The plan is divided into 2 phases. The 2001 Greenline Master Plan (PDF) recommends the reconfiguration of many of the streets in the neighborhood due to topography issues. The plan builds upon 3 anchors in the neighborhood including the David Hallums Center, the New Beginnings United Methodist Mission and the Mount Emmanuel Baptist Church. The plan recommends rehabilitating and retaining 106 existing units and creating 300 new residential units.
The 2002 Haynie-Sirrine Master Plan and Zoning Code (PDF) were completed in 2002 and adopted by City Council in 2003. The plan recommends a mix of commercial, office, and residential uses - providing 595 residential units including single family, multi-family, and live-work spaces.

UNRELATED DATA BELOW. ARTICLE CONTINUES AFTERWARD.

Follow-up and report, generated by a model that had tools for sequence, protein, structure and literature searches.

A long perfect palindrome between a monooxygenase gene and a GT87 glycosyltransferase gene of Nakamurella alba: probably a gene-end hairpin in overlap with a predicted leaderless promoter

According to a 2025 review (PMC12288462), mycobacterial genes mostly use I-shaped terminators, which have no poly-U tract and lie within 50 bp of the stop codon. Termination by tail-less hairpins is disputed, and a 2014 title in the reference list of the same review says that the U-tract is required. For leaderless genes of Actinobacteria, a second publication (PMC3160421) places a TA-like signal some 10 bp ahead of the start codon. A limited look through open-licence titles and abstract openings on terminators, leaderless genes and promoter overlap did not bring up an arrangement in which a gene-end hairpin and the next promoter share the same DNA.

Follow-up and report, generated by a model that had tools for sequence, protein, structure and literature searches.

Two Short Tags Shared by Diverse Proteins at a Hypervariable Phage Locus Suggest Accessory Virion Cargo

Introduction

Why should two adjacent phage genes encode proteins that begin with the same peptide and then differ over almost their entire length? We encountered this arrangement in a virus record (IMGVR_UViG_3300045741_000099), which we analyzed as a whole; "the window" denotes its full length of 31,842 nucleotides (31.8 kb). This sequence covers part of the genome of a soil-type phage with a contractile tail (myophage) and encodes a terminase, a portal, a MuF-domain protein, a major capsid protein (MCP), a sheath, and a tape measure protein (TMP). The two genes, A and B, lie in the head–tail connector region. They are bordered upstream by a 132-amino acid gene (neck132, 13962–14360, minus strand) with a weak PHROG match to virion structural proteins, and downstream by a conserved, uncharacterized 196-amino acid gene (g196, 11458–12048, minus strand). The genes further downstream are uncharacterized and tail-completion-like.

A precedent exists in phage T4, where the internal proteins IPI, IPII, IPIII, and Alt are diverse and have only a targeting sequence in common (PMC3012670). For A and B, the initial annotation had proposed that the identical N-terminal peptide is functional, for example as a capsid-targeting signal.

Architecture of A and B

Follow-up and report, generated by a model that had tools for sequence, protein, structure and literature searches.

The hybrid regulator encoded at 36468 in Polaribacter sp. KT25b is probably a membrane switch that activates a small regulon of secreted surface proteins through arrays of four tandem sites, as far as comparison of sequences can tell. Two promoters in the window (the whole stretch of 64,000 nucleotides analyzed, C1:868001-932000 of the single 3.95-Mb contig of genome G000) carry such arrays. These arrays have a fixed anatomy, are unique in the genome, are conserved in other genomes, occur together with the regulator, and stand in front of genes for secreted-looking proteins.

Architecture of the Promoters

The neighborhood encompasses 390 acres and is zoned single family, multi-family and general commercial. Nicholtown was among the 1st neighborhoods to receive assistance from the City’s newly formed Community Development Division and U.S. Department of Housing and Urban Development (HUD) in the spring of 1975. Learn more about the Nicholtown Master Plan (PDF) with this document.
In the fall of 2011, the City of Greenville as part of the Connections for Sustainability project was able to work with Graduate students in the City and Regional Planning program at Clemson University to engage Southernside residents in creating the 2011 Southernside Neighborhood Vision Plan (PDF). The students studied existing conditions of the area; held a community feedback session; and utilized both the assessment and the public input to design a vision and conceptual plan for the neighborhood. The plan was revised based on resident and Council comments and was completed in October 2013.